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College Archives


Greetings from F&M: Old Postcard Views of Campus

Brief History of the Postcard

While small souvenir cards had existed prior to the introduction of the postcard, the first modern, mailable postcard appeared in Europe in 1869. When the United States Post Office introduced the "postal card" in 1873 it was the only entity authorized to produce and distribute them until 1898. In 1898 the Post office allowed the production of "private mailing cards" which were required to carry the term on the postcard. The term "post card" could only be used on U.S. Post office-produced cards up until 1901. After 1901, the Post office allowed the term "post card" to be used on any cards of this type. However, the previous law restricting all written messages to the opposite side (even if one had to write on the image), and where only the mailing address could be written on the stamped side, remained in place. This period from 1901-1907 is known by collectors as the "Undivided back era". In 1907, the Post office allowed the card to be divided on the side opposite the image so that a mailing address and message could be written. During this time Germany dominated postcard manufacturing, until WWI, when American printers began widescale postcard production. In 1915 a new era emerged where a white border was added around the image on the postcard. Presumably to save ink, this look continued to be used on postcards produced through the "Linen era (1930-1944)." In addition to the white border, linen postcards are distinguished by the texture of the card stock they were printed on. Around 1939 the modern photochrome (color) postcard emerged. The F&M postcards seen here date from the Undivided back era (1901-1907) through the modern era.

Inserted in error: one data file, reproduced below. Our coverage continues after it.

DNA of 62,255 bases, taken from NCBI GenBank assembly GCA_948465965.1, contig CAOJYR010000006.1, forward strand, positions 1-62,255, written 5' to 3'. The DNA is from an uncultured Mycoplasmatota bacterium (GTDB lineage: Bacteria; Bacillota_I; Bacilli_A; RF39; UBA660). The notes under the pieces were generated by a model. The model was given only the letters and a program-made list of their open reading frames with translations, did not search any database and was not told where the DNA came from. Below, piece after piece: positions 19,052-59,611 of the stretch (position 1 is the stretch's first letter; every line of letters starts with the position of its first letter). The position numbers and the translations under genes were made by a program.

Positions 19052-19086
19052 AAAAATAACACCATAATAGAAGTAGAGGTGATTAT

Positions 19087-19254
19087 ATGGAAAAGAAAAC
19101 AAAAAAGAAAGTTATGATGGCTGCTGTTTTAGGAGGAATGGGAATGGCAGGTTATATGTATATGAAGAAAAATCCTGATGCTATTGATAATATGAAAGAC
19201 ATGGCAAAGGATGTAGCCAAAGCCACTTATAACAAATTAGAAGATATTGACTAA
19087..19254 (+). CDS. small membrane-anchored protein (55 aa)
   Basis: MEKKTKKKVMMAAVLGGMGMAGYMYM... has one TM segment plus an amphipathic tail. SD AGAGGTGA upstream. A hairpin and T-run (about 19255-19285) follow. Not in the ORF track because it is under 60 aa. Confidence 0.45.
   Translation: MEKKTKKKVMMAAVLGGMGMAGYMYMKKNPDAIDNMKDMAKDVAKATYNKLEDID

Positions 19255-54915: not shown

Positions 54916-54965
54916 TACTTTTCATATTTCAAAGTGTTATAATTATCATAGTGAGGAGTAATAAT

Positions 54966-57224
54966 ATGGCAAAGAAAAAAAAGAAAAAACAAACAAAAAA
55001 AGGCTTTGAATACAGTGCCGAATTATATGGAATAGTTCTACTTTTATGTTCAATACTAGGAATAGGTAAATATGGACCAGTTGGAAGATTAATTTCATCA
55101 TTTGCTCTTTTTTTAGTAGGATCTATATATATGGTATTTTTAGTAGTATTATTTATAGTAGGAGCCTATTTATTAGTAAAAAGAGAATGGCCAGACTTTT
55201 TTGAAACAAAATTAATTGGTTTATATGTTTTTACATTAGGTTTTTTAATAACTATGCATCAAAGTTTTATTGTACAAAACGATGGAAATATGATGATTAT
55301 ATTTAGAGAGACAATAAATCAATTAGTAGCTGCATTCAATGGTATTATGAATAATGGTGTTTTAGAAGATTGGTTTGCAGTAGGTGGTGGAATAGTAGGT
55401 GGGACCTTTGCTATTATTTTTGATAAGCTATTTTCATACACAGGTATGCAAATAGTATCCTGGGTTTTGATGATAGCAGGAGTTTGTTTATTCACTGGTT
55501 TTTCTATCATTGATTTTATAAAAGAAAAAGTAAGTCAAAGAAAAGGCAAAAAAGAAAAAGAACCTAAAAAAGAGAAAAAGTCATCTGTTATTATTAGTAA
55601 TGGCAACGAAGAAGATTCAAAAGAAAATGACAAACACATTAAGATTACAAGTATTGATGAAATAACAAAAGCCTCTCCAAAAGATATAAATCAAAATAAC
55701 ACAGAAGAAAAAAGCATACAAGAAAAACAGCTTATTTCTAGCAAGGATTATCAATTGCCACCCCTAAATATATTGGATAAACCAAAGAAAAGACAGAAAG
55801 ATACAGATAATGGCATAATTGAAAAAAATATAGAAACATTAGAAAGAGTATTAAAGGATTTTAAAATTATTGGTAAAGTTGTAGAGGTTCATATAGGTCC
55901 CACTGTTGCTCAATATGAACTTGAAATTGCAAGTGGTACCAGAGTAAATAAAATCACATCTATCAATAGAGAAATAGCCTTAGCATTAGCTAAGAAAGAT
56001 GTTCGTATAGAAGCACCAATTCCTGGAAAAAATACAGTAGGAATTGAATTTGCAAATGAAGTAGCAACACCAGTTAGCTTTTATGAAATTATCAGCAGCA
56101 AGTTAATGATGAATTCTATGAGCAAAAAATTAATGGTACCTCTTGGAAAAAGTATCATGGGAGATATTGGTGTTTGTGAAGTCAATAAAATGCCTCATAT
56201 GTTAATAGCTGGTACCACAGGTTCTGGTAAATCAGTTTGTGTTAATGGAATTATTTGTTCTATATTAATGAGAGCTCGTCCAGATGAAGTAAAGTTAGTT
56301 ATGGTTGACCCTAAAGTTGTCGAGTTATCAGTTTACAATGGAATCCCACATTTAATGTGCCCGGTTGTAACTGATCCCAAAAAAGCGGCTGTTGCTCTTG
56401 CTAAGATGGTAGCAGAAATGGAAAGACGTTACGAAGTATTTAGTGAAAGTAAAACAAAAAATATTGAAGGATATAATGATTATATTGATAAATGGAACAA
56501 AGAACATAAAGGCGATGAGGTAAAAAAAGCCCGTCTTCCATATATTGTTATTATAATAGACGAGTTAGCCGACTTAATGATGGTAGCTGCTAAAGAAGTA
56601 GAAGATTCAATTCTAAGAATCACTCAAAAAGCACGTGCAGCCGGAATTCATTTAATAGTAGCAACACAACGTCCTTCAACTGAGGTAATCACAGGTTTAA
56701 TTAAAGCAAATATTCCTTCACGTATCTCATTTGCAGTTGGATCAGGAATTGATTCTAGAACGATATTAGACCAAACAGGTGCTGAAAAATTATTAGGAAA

Old Main (Constructed 1854)
          
      



Watts-dePeyster Library (Constructed 1897)
  



Campus View (ca. 1900)



Science Building (Constructed 1900)
    



Academy Building (Constructed 1908)

      



Hensel Hall (Constructed 1925)



Fackenthal Library (Constructed 1937)
  



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